Is There a Link Between Sugary Drinks and Obesity? Federal Government to Conduct Study
U.S. Senator Frank R. Lautenberg (D-NJ) has introduced an amendment to the federal Farm Bill that would require the federal government to study the possible link between sugary beverages and obesity in the United States. The study would also investigate how public health proposals that affect the cost and size of sugary beverages would impact obesity.
Lautenberg says, “We know that soda is a major source of bad calories for Americans, and it’s time for the federal government to determine whether these beverages are contributing to our nation's obesity problem. ”
According to the Centers for Disease Control and Prevention, 90 million people in the United States are overweight or obese, and obesity kills more than 110,000 Americans every year. The childhood obesity rate in the United States where 31 percent of American children are overweight or obese is one of the highest in the world. Between 1973 and 2008, the childhood obesity rate in the United States more than doubled, from 15 percent to nearly 32 percent of American children.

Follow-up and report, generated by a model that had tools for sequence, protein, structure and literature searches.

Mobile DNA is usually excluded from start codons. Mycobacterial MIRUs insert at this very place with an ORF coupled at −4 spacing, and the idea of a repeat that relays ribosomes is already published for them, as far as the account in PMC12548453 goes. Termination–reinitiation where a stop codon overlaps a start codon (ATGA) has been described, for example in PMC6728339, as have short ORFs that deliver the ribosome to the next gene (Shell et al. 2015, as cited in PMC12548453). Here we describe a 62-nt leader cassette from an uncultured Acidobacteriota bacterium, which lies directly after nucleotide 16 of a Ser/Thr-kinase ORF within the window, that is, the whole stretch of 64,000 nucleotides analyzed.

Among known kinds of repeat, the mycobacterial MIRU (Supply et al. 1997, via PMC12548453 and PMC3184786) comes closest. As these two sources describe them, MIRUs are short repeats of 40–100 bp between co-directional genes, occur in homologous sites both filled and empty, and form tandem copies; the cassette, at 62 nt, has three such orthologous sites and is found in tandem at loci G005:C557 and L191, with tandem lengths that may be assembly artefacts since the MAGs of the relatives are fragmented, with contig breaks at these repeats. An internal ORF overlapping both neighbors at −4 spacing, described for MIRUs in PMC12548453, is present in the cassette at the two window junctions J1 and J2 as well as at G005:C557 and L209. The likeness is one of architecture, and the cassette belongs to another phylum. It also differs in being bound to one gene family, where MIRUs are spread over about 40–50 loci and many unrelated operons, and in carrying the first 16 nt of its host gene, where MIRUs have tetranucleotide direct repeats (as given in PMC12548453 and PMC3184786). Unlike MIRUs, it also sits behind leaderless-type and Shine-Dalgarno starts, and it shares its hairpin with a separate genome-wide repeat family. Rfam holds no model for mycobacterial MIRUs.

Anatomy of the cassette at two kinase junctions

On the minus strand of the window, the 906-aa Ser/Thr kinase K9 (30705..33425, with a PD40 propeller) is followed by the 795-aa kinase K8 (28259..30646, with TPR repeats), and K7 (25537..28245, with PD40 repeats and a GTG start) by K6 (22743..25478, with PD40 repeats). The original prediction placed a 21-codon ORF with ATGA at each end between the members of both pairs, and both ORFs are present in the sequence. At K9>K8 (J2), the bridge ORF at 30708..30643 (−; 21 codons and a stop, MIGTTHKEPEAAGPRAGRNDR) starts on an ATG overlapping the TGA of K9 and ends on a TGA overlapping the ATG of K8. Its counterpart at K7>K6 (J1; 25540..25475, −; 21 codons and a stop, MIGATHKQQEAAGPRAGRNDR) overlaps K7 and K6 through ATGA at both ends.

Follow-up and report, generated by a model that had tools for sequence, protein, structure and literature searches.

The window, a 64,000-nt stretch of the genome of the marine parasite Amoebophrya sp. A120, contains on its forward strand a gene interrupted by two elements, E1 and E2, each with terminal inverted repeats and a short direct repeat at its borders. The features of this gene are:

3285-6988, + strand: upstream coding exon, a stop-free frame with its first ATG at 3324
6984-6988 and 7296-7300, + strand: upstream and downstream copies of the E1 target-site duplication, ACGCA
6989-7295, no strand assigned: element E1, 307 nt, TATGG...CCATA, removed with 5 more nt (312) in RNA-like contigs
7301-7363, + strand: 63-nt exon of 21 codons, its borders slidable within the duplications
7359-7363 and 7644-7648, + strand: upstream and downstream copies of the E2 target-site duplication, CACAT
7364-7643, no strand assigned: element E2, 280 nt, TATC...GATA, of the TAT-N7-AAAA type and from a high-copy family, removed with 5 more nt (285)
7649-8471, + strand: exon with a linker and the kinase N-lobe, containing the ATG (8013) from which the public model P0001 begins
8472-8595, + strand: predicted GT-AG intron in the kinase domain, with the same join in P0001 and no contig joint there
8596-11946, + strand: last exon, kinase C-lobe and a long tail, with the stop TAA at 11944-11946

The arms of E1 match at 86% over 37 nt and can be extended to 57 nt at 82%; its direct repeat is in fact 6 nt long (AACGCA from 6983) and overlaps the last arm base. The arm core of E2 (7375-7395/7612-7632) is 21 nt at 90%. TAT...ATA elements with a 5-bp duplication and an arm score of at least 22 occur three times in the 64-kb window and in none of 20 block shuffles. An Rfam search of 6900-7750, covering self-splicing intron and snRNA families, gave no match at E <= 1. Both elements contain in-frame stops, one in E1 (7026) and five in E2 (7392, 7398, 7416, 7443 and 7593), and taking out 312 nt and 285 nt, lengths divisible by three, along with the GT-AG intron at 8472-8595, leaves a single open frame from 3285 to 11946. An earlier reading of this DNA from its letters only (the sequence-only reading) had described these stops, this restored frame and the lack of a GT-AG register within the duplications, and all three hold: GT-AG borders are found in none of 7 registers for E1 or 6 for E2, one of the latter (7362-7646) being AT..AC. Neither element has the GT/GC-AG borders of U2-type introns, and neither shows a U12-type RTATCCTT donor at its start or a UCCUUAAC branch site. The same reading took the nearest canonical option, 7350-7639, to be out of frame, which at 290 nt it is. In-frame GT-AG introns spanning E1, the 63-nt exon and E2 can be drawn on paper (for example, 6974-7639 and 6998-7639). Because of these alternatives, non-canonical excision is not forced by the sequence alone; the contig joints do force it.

“Obesity is not merely an inconvenience it’s a serious health hazard,” insists Lautenberg. “With roughly one out of every three American children suffering the health impacts of being obese, we owe it to our kids and our country to learn more about what is causing this plague. We need to know what impact sugary drinks have on obesity and if proposals that encourage Americans to drink fewer high-sugar drinks will reduce obesity.”
Lautenberg's amendment is endorsed by the American Academy of Pediatrics, American Heart Association, American Diabetes Association, American Public Health Association, and the Center for Science in the Public Interest.